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Undoubtedly, no structures are banned, so to speak, from the English lanuage. It is all a matter of convenience and desired outcome. Sure, as a general rule, to quote @Zan700 from the comments, one tends to avoid repeating words with similar roots within a paragraph, let alone one sentence. This is to avoid sounding monotonous, of course, and unintelligible -...


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“A well-placed hyphen can lend writing c-l-a-r-i-t-y” ... Also see dashes and spelling compound words with or without hyphens. ... It produces a sudden jolt of emphasis, an abrupt pause that draws a dramatic halt to the rhythm ... Intended for the eye rather than the ear, it functions without personality, style, or rhythmic impact.


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In the vast majority of cases, you will never hyphenate an adverb-adjective phrase in the way you're describing. In modern writing, it would be considered clunky and displeasing, and give your writing an archaic look. The practice of hyphenating adverb phrases likely originates from phrases like "two-word" or "one-note" or "close-...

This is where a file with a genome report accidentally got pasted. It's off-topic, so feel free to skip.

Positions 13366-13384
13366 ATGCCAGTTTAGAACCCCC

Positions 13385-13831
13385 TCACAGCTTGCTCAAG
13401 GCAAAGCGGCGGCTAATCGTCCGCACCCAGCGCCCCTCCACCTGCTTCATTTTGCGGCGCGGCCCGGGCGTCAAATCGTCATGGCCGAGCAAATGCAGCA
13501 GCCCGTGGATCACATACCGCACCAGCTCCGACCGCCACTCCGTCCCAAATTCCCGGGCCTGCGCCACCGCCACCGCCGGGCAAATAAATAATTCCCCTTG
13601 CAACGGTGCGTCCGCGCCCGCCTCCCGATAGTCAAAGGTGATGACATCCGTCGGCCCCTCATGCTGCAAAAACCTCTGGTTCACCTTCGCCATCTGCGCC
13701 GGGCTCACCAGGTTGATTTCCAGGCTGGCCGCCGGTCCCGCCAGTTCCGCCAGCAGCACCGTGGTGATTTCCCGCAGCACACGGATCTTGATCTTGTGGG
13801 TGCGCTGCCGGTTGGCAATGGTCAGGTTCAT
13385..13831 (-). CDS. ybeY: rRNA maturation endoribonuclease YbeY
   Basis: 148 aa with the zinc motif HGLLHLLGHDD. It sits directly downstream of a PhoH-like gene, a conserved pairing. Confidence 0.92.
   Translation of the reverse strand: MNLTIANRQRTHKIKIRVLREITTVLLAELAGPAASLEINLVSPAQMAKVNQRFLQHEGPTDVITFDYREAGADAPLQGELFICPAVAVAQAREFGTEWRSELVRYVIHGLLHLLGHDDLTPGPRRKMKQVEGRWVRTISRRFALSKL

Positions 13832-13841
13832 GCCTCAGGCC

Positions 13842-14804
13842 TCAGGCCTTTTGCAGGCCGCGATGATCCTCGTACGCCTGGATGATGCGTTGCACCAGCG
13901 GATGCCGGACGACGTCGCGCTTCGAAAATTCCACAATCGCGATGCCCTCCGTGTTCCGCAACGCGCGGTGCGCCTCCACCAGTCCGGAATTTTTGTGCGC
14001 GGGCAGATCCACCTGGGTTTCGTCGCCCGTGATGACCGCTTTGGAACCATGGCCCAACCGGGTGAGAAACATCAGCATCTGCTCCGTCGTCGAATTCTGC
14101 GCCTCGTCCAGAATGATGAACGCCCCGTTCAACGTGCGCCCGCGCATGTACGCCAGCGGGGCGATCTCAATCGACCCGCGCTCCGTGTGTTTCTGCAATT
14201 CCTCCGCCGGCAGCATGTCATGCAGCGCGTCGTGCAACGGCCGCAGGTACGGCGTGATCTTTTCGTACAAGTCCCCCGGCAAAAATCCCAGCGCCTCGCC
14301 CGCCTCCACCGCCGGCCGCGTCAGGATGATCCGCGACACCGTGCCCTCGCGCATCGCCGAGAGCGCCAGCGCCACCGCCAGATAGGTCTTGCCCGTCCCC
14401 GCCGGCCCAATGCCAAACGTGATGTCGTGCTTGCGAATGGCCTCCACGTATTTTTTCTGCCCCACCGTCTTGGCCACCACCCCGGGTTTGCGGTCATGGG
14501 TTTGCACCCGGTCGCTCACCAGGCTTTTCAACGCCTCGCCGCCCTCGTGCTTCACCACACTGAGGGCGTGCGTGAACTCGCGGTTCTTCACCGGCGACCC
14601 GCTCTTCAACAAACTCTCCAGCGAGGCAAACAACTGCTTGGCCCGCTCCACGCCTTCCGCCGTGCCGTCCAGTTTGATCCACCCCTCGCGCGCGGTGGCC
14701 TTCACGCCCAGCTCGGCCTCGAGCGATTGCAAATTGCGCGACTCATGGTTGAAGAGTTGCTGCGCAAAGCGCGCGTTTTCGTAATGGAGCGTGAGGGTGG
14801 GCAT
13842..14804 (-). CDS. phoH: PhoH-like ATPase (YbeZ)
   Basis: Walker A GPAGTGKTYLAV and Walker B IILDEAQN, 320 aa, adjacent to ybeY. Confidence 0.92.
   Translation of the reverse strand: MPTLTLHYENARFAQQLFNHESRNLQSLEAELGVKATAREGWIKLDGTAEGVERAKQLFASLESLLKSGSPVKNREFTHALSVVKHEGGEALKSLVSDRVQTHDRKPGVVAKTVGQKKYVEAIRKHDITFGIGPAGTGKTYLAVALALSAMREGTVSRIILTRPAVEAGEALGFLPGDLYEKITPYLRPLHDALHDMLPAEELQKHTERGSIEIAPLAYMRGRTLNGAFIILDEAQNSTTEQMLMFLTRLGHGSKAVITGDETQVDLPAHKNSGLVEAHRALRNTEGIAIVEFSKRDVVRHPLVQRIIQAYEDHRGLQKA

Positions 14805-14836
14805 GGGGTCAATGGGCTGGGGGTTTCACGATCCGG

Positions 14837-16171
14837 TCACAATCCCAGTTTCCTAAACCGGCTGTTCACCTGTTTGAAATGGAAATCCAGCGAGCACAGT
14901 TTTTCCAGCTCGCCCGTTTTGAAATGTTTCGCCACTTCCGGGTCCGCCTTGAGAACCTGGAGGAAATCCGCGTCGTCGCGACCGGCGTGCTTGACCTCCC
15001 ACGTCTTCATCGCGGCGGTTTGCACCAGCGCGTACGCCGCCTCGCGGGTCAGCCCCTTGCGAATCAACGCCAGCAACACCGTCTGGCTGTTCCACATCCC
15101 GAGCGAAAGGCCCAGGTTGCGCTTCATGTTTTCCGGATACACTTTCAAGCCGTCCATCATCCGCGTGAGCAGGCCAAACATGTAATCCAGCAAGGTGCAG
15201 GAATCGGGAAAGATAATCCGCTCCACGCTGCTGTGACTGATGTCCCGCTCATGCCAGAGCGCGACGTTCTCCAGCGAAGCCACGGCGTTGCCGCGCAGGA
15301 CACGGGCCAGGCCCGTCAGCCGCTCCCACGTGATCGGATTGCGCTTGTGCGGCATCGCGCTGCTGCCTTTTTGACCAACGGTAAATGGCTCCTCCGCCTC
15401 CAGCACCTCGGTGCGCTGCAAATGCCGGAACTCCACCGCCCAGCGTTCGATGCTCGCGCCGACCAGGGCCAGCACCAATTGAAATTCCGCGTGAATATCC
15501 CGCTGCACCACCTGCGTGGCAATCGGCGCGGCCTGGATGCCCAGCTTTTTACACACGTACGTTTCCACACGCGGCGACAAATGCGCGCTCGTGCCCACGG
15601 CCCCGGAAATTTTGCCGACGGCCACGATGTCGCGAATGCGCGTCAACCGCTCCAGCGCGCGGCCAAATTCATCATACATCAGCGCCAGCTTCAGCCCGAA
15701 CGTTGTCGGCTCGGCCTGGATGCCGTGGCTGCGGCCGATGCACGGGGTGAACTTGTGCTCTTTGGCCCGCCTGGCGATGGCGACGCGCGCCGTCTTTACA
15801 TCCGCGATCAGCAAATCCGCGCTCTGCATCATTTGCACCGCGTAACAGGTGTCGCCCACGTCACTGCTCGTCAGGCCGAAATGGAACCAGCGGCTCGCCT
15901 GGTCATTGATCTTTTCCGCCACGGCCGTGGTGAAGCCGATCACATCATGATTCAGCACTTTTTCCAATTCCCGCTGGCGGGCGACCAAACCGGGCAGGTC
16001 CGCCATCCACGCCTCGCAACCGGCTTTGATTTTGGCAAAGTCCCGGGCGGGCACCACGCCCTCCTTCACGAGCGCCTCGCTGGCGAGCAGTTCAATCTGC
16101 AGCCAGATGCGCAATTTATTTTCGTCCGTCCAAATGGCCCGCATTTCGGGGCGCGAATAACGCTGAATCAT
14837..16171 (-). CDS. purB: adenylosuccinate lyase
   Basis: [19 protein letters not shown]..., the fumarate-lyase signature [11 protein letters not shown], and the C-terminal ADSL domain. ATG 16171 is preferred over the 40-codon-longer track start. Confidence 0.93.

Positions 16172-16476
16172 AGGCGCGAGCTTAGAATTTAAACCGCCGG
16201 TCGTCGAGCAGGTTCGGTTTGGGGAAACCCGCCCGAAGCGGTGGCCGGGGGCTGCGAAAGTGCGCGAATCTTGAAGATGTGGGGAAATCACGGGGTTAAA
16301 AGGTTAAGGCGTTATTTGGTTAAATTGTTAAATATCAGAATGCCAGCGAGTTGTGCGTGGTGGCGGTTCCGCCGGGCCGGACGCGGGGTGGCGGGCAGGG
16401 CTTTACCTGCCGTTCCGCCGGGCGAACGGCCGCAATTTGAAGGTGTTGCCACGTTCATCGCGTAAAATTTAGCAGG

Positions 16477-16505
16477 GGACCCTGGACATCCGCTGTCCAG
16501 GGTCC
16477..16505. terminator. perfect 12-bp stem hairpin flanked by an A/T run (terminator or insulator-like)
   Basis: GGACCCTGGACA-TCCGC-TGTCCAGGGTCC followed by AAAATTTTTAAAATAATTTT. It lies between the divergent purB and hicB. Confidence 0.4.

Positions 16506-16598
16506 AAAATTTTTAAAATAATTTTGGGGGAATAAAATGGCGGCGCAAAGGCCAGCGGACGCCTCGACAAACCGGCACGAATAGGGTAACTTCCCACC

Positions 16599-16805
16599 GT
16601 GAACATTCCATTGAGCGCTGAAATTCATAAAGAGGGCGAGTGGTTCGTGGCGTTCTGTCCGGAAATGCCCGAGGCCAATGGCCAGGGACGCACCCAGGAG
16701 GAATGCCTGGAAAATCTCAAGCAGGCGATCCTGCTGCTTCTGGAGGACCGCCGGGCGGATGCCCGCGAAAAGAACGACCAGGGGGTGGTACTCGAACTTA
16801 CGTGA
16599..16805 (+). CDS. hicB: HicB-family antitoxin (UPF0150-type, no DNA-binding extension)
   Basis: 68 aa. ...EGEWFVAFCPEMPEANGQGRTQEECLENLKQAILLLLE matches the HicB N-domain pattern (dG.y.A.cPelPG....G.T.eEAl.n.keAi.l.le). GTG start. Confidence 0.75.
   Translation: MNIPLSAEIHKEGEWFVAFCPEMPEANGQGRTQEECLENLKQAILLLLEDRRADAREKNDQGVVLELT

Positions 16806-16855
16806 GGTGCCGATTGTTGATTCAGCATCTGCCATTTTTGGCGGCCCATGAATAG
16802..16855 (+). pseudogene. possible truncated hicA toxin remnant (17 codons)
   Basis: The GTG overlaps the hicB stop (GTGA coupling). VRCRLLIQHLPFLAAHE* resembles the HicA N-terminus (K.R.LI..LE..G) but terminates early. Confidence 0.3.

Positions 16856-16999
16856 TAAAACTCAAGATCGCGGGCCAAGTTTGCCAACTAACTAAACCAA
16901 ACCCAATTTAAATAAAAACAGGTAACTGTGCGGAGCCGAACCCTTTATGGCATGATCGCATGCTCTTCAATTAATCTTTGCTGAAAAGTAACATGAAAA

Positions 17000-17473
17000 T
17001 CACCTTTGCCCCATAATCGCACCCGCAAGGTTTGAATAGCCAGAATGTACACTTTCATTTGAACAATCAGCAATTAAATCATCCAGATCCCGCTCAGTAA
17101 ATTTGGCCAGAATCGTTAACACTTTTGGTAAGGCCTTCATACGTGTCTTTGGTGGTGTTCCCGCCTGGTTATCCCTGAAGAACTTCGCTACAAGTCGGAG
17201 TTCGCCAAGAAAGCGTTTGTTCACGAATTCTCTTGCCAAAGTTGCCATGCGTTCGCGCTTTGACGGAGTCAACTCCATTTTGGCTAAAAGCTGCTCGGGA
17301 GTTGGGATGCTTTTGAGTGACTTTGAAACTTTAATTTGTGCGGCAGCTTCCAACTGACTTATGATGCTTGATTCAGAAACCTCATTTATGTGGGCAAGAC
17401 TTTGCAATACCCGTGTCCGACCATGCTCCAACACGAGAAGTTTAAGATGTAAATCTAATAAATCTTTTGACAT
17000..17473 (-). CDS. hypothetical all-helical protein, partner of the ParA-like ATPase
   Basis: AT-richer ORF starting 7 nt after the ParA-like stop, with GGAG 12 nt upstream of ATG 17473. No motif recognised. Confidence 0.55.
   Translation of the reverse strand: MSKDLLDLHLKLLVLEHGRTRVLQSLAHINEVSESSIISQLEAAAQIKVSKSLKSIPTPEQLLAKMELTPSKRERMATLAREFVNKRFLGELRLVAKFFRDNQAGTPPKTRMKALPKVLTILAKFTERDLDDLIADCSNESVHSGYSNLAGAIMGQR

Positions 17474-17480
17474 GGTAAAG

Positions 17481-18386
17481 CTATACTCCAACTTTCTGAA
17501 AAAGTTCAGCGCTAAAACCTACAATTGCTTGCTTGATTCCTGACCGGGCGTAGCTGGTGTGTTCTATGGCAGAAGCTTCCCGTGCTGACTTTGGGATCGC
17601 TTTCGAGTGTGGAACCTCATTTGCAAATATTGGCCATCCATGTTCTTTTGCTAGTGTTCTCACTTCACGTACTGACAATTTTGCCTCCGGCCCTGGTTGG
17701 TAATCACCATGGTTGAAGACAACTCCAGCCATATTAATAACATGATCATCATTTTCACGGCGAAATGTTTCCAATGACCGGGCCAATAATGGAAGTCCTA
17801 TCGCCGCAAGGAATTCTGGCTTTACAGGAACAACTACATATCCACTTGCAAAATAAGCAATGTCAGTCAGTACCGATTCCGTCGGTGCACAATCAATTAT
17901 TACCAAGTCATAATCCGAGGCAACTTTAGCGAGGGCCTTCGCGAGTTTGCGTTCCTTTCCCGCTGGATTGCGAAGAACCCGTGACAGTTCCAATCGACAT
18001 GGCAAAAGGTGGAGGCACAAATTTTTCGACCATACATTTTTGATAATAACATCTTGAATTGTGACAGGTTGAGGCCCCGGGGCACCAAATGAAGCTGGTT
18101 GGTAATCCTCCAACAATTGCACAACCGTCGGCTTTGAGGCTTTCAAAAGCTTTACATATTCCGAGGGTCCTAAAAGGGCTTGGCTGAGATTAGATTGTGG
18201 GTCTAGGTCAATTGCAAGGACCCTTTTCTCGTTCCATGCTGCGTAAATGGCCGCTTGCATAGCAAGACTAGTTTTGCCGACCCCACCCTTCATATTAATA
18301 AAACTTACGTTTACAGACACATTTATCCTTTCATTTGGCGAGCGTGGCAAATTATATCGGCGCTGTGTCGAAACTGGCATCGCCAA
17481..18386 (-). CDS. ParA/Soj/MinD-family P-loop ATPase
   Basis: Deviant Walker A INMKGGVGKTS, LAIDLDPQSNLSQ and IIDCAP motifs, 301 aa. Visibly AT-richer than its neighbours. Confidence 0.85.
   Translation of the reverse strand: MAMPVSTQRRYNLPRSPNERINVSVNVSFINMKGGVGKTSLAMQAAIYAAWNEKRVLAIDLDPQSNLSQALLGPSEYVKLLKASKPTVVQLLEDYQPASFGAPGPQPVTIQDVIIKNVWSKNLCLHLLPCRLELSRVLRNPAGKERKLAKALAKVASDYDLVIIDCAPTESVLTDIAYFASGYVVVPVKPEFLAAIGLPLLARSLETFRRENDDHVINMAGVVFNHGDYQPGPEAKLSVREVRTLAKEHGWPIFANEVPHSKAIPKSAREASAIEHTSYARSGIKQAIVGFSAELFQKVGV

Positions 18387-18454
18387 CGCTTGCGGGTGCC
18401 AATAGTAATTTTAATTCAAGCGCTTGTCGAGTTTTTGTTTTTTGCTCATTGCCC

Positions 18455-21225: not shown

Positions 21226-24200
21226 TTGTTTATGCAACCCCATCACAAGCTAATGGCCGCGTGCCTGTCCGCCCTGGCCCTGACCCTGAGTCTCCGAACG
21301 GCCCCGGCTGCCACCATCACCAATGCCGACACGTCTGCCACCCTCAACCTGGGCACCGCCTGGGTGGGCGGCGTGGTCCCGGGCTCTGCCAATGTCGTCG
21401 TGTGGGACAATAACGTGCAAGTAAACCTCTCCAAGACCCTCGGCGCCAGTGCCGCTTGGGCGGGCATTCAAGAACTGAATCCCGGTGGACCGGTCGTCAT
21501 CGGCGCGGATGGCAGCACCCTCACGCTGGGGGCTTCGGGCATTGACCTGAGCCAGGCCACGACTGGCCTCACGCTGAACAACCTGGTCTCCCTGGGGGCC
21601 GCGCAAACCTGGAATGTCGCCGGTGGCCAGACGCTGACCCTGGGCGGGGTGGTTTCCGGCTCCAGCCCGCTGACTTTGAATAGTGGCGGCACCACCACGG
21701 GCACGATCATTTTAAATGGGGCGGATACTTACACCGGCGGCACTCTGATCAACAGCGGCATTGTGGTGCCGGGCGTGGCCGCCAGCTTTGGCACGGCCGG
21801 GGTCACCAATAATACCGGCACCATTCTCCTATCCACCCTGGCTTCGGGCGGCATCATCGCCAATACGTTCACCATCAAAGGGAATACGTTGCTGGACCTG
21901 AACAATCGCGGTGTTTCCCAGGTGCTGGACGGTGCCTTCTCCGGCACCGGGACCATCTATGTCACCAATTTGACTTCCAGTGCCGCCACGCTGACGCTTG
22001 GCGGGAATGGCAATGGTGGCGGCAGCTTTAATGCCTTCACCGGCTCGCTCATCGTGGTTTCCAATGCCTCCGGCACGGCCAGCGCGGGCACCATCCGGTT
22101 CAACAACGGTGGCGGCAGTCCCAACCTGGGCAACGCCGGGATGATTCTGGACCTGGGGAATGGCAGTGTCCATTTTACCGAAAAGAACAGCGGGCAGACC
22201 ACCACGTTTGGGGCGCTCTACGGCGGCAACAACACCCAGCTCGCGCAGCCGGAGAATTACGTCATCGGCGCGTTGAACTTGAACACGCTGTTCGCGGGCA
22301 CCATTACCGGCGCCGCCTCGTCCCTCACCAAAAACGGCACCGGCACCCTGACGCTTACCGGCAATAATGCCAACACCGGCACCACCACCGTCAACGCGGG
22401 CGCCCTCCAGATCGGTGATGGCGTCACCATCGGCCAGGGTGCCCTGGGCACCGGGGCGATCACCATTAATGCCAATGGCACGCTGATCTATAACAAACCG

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As you suspected, in the first sentence it's ambiguous who is eating the oranges - is it the men or is it the deer? The comma in the second sentence makes it clear that it's not the deer and, therefore, must be the men. I'm not sure about "greatly" altering the meaning of the sentence, but it definitely does clarify the meaning of the sentence. I ...


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Both the simple present and the present continuous sound a bit off combined with simple past in that way. Also, keep may not be the best verb to use, holding, clinging to, grabbing, riding, surfing etc. may be better. Difficult to say what would sound better without knowing the preceding paragraph, but maybe use past continuous: "They were holding the ...


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